Some Interesting Cases

Along the research trail, a few interesting cases arose. One case, Meyers v. Clarke, 90 S.W. 1049 (Ky. 1906) found that doctors could be found liable in tort law for what the court delicately called an “unauthorized autopsy.” A few cases noted that cadavers being transported were not property even when the negligence of a railroad caused “the dead body of a relative being thrown from a wagon” the family could not recover. Hockenhammer v. Lexington & E. Ry. Co., 74 S.W. 222 (Ky., 1903).

The ALR annotation has an interesting Kentucky reference although not on graverobbing per se. In City of Louisville v. Nevin, 73 Ky. 549 (Ky. 1875), a holder of a lien on a Roman Catholic graveyard filled with graves wanted to force its sale because the trustee-owner was insolvent. The chancery court refused to order the sale on the theory that the land was useless as any purchaser could make no use of it without violating the statute punishing the desecration of graves. The Court of Appeals rightly upheld this ruling. Since bankrupt cemetery corporations still are with us—one need only look at Eastern Cemetery in the Highlands, Greenwood Cemetery in the West End, and Schardein Cemetery near Shively—letting a single creditor force the sale of a packed graveyard would cause a manifest injustice.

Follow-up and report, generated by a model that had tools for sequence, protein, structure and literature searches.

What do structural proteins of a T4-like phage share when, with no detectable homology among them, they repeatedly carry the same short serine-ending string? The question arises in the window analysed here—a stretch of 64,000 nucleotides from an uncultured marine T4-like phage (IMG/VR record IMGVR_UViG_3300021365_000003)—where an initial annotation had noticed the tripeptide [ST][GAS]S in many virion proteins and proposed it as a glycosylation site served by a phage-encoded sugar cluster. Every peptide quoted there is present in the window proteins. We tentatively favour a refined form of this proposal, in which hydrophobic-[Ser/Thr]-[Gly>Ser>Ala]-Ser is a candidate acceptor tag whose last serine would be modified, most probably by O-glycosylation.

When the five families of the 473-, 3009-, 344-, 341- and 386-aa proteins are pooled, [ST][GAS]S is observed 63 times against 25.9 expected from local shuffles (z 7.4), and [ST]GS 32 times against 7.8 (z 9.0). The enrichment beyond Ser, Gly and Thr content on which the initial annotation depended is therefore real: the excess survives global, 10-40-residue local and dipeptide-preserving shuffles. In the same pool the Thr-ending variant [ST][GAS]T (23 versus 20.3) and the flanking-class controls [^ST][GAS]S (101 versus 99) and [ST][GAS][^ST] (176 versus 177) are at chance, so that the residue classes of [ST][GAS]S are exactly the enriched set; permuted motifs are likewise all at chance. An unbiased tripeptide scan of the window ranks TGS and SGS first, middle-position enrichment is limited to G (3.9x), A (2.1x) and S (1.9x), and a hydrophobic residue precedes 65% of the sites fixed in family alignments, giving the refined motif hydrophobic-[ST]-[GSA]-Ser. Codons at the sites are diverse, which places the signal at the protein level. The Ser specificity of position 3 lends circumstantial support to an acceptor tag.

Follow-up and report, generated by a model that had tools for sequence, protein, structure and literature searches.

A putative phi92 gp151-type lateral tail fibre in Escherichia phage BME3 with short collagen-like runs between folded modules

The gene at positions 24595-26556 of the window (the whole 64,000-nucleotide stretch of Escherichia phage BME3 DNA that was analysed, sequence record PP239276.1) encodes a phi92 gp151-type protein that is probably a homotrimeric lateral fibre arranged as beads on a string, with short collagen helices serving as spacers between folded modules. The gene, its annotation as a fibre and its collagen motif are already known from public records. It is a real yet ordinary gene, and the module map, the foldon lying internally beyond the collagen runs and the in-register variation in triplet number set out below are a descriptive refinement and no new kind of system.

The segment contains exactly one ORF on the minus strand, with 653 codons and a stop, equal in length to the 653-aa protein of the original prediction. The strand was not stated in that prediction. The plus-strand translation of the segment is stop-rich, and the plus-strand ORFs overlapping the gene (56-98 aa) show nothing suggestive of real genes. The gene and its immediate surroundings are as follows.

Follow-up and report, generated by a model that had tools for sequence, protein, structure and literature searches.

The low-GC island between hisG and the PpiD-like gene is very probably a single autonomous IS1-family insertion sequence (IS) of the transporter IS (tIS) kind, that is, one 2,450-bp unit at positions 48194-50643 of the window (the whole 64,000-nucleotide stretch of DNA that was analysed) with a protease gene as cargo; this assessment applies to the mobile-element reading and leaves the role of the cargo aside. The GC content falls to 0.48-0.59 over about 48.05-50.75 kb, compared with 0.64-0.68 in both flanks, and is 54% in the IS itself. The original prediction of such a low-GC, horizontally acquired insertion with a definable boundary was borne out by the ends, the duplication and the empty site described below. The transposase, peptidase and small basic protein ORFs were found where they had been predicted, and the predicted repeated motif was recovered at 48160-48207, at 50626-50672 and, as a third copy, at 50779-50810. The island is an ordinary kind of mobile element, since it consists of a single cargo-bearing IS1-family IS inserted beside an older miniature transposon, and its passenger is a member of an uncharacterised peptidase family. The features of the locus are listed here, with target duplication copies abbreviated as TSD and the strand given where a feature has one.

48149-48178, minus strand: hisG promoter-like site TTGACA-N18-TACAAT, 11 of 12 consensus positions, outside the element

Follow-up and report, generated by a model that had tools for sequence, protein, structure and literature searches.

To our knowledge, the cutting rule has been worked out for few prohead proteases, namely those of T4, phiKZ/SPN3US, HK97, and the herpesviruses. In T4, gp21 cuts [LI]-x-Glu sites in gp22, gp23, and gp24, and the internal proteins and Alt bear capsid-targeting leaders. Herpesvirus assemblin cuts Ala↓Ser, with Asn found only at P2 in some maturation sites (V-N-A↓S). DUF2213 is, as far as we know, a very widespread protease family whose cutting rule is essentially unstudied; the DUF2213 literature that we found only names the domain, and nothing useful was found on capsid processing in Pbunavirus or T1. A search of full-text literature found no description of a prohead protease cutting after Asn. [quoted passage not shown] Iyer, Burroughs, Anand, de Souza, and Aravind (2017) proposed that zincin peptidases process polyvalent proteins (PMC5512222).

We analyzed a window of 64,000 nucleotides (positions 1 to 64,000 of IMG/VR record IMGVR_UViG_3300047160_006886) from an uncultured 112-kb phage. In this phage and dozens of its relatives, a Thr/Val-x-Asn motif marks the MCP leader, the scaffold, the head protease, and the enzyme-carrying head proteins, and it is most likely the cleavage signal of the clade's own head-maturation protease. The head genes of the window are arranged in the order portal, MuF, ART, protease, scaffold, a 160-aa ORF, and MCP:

From reading the Kentucky cases and statutes, it becomes apparent that despite a focus on the horror movie ghouls who robbed graves for medical dissection, the statutes protecting against disturbing the dead have been most usefully employed against property developers seeking to clear land to build on. (Judges apparently value well-trained doctors to keep them personally alive over the peaceful repose of one dead person.) The paupers’ graveyards and rural cemeteries of one century inevitably become the prime real estate of another. And without such laws, it’s cheaper to just bulldoze them under and build nice suburban homes on them. Hmm. I think I’ve seen that horror movie.

Kurt X. Metzmeier is the interim director of the law library and professor of legal bibliography at the University of Louisville Brandeis School of Law. He is the author of Writing the Legal Record: Law Reporters in Nineteenth-Century Kentucky, a group biography of Kentucky’s earliest law reporters, who were leading members of antebellum Kentucky’s legal and political worlds.